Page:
P3 Corporate Collapse Highlights Risks of Privatization
The collapse of Carillion, a global privatization corporation, illustrates the risky nature of public-private partnerships (P3s) and contracting out. Carillion is involved in 10 P3s across Canada, primarily in hospitals in Ontario, Saskatchewan and the Northwest Territories. Two hospitals are still in development.
It is unclear how Carillion’s equity stakes and facilities management contracts in many Canadian P3s, as well as the contracted-out services they provide, will be dealt with as part of the company’s asset liquidation. The Canadian Union of Public Employees (CUPE) believes the infrastructure and services in which Carillion plays a role should be brought back under public control – all public infrastructure should be publicly financed, owned, maintained and operated. The UK government has committed to provide funding to maintain public services carried out by Carillion staff, subcontractors and suppliers. The company’s 6,000 workers in Canada should have their work contracted in, with good wages and working conditions.
Carillion was the lead company in the consortium that built the P3 Brampton Civic Hospital, a project the Ontario Auditor General found to have cost $200-million more than if the province had borrowed to build it publicly. A more recent auditor’s report found that 74 P3 projects cost the province $8-billion more than if they had been procured publicly.
A Bad Track Record
Just last December, a damning 2017 Ontario Auditor General report showed that hospitals are being gouged by P3 contractors for maintenance work not covered under the original P3 contract. Several hospitals are in long-term disputes with P3 maintenance companies over these contracts which often last for 30 years. The report does not name individual corporations.
This problem is not limited to Ontario. The Saskatchewan NDP has shown that Carillion and another corporation were scheduled to get paid $185-million over a 30-year contract for maintenance of a P3 hospital in North Battleford, Saskatchewan – more than $6-million per year for a brand new facility. As a comparison, the former Prairie North Health Region spent $3.1-million on repairs and maintenance at all hospitals and facilities.
In 2016, the authority responsible for Halton, Ontario health care issued a notice about door failures, flooding and slow service provider response and rectification times at the recently-built Oakville Trafalgar Memorial Hospital. The facilities management contract at the time was held by Carillion. Subsequently Carillion sold its equity stake and facilities management rights to Fengate, another privatization corporation.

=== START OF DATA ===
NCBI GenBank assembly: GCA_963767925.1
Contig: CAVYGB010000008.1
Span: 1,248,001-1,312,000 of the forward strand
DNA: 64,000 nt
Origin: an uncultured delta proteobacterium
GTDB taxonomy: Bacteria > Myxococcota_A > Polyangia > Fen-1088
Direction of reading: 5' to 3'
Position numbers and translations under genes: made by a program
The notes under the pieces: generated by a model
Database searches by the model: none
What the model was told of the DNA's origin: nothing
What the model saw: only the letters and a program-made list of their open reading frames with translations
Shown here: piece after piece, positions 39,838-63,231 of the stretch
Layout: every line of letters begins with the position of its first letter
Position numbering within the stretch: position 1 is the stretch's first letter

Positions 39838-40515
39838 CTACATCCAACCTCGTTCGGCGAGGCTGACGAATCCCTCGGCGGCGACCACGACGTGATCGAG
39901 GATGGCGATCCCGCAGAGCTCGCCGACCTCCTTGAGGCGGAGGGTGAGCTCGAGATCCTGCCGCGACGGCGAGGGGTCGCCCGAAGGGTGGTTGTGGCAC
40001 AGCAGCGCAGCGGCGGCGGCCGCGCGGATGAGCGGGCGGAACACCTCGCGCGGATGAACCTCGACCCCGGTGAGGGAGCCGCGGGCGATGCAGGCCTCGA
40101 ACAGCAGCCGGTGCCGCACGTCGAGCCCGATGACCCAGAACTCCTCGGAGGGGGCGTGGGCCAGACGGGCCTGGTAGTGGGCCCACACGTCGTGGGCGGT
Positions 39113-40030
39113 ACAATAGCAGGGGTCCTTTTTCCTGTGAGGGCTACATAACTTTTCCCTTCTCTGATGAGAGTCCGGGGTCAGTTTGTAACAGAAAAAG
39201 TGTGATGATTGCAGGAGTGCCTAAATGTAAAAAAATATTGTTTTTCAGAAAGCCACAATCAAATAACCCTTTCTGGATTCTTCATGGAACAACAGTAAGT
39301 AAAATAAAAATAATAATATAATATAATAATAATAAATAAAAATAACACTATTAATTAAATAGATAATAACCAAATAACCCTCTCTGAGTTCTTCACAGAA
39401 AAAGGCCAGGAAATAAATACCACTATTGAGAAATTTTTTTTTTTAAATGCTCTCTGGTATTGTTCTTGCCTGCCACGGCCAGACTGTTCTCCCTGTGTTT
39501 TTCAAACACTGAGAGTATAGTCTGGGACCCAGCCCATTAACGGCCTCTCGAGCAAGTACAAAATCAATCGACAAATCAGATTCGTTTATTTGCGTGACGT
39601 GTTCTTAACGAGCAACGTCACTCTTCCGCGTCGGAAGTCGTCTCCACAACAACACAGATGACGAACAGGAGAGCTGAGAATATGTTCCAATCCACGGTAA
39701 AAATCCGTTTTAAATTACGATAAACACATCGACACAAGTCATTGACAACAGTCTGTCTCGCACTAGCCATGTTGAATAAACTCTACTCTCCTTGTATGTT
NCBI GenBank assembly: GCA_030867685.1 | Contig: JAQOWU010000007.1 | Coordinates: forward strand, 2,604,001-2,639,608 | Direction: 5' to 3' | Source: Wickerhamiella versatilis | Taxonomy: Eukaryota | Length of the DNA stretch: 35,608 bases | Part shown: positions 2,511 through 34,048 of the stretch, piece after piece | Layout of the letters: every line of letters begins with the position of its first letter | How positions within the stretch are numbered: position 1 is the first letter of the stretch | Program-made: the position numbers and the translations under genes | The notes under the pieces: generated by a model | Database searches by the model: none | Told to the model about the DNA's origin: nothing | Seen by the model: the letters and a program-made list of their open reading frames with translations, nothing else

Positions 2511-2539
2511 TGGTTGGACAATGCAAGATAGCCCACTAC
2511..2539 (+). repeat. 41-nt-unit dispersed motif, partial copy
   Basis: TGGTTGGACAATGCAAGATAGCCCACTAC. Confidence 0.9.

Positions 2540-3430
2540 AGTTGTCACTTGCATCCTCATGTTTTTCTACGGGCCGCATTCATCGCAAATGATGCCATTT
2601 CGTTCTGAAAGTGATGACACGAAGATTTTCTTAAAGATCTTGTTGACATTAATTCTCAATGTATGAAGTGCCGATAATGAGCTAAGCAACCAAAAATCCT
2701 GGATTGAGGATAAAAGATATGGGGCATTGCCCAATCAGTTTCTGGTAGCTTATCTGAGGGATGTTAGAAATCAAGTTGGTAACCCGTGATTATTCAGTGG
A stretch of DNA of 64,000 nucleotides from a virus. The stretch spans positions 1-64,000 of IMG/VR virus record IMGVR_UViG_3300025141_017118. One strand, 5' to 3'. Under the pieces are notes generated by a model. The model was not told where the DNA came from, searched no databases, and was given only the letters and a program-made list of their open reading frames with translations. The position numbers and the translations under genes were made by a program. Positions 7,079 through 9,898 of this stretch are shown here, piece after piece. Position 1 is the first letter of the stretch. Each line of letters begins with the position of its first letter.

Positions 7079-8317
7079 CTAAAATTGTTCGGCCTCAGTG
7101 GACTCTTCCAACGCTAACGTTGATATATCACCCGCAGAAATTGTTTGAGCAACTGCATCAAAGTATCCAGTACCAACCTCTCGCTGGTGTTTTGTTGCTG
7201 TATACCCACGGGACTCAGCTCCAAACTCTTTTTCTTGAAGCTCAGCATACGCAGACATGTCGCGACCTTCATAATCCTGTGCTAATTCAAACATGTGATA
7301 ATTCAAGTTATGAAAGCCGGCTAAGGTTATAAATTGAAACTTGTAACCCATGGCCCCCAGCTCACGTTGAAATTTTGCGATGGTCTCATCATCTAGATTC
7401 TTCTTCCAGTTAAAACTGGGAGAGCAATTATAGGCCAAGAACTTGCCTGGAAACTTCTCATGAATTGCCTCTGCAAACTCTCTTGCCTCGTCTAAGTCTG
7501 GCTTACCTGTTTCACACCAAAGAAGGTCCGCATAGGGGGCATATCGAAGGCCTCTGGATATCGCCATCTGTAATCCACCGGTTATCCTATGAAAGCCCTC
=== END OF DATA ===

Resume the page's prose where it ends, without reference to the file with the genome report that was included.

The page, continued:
Carillion has been involved in the following Canadian P3s:
- Stanton Territorial Hospital Renewal
- Saskatchewan Hospital North Battleford
- Oakville Trafalgar Memorial Hospital
- Forensic Services and Coroner’s Complex
- Centre for Addiction and Mental Health
- Royal Victoria Regional Health Centre
- Sault Area Hospital
- Sunnybrook Health Sciences Centre M-Wing Expansion
- Royal Ottawa Mental Health Centre
- William Osler Health Centre (Brampton Civic Hospital)
The company has also faced an investigation by the Ontario government over its salting of highways. Carillion is responsible for eight highway winter maintenance contracts in the province in addition to contracted-out highway maintenance in Alberta.
A Game of Corporate Poker and Profit-Making
P3s put public services at risk due to the unpredictable and volatile operations of corporations. Ownership stakes in P3s can change hands resulting in a rotating door of corporate involvement that destabilizes public services. In this case, Carillion is going under and its equity stakes and facilities maintenance contracts will likely be auctioned off.
In Canada, over 20 equity sales of P3s have taken place with at least seven ending up owned by corporations in tax havens. In one case, equity in the Vancouver General Hospital Diamond Centre P3 hospital has changed hands twice since 2007 and is now owned by an investment company located in Guernsey, a tax haven depriving the BC government of needed tax revenue.
Each time these equity stakes change hands, big profit is made from our public infrastructure. Research in Europe showed the average annual rate of return on P3 equity sales from 1998-2016 was a staggering 28.7 per cent. It’s clear who has the losing hand in this P3 equity poker game: the public. •
This article first published on CUPE.ca website.